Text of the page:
On June 23rd, about 50 of us gathered for a community meeting about crime prevention and public safety in Crown Hill. The speakers were Community Crime Prevention Coordinator Terrie Johnston and Officer Scott McGlashan, Community Police Team Officer for Ballard and Crown Hill.
Terrie briefly went over some of the recent history ofÂ crimes in all of the Ballard (includingÂ Crown Hill). Compared to last year, residential burglaries and car thefts were very slightly down over last year. She said looking at recent breakins, 45 percent were non-forced, meaning entry was gained through an unlocked door or window, or by key. Some residential burglaries were eased by tools already on site such as ladders or garbage cans propped up to reach an open window. Terrie mentioned a recent string of arrests where a number ofÂ criminals suspected of many crimes in the North Seattle area were recently apprehended thanks to alert neighbors and excellent police work by SPD officers and detectives.Â Terrie described some of the free services she can provide: 1) residential or business security survey; 2) help with setting up block watches; 3) providing information to neighbors about resolution of calls to police, and lots more.Â She said that part ofÂ having a block watch is getting to know your neighbors and that can have many benefits beyond just crime prevention.Â Terrie mentioned two upcoming events sponsored by SPD: 1) the North Precinct Picnic on July 9th; and 2) Night Out Seattle on August 2nd. Finally, Terrie’s last day in her position as Crime Prevention Coordinator will be Dec 31st. Her position is being eliminated as part of the budget cuts sweeping through all levels of city government. So act now if you would like to have Terrie conduct a free security survey ofÂ your home or business or help out with setting up a block watch on your block (firstname.lastname@example.org or 206-684-7711).
Officer Scott McGlashan is the Community Police Team Officer and he covers a large beat, from 110th south to the water and from 3rd Ave west to the water.Â Scott has a wide variety of experience over 21 years with the SPD, including a stint on the SPD dive team. Scott made the point that when contacting the Police about suspicious behavior or crimes in progress, it is very important to note the direction of travel and address or intersection (e.g. North on Mary from 87th, or Northeast on Holman from 13th). He also stressed a number of times that suspcious behavior needs to be reported to the police using 911. Otherwise by the time an officer gets to investigate the behavior, the opportunity to see it will have passed. A community member asked a question about what constitutes suspicious behavior, and Scott encouraged us to call it in when in doubt. Clearly a crime in progress will have a higher priority for the beat officer, but if the officer is in the area, a quick drive by can often get a resolution. Another tip Scott offered up was to leave your name and address with the dispatcher, so the dispatched officer can follow up with you. A couple of folk in the audience piped up that they never heard back on calls they made in the past. Scott asked they contact him directly (email@example.com or 206-233-3733). Â Scott mentioned that we as neighbors need to support our police and their efforts.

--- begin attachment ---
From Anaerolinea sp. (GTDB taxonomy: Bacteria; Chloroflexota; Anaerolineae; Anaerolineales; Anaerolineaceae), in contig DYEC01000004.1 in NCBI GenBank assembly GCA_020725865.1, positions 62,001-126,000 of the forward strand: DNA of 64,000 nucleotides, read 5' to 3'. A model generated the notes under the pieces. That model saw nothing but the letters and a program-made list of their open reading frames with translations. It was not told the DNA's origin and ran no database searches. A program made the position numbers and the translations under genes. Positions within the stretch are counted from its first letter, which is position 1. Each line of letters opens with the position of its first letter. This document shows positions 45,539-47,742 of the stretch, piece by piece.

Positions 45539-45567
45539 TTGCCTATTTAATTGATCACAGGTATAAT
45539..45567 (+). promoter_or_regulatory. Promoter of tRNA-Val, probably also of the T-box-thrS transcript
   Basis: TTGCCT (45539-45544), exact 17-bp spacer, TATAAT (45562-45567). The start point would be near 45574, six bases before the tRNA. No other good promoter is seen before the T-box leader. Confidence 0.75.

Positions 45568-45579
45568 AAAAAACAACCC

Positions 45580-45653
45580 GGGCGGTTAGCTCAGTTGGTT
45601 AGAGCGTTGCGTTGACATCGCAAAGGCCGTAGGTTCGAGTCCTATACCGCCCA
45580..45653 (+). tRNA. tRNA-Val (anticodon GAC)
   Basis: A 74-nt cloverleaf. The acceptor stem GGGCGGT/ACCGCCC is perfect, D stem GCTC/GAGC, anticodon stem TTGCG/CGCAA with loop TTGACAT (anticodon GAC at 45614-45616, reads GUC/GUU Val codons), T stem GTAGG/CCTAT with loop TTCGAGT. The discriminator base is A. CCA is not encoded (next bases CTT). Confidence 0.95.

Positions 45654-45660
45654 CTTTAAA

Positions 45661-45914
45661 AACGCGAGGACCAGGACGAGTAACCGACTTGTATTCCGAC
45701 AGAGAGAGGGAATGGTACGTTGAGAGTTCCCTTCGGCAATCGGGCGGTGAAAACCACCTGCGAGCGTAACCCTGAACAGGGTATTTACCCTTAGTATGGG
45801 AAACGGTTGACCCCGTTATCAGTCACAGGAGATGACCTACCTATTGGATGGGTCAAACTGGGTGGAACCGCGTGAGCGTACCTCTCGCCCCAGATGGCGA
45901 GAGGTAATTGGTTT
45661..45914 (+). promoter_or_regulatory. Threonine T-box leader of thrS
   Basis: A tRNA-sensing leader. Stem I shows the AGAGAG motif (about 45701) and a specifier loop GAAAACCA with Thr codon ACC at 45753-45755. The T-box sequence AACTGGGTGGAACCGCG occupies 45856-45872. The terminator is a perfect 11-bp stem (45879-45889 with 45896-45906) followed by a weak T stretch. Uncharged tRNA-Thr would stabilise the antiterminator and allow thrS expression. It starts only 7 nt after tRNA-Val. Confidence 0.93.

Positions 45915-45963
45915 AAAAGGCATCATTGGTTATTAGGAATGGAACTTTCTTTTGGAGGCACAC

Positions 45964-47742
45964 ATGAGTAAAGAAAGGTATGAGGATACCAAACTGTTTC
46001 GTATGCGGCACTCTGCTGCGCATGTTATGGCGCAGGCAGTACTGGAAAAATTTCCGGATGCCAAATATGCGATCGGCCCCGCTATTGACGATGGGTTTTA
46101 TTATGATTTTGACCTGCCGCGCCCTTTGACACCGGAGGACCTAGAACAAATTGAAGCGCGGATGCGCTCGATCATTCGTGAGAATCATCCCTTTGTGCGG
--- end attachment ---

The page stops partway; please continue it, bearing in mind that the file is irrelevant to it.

A number of folk from West Crown Hill have set up a Facebook page for getting the information out to neighbors when suspicious behavior is witnessed or just checking out what happened on the street. You can see their Facebook page here.Â Pete Maslenikov from the Crown Hill Neighbors board collected names and e-mails of folk interested in setting up a neighborhood wide network for sharing information related to crime and prevention. If you were unable to attend the meeting, and would like to be added to the list, contact Pete (firstname.lastname@example.org).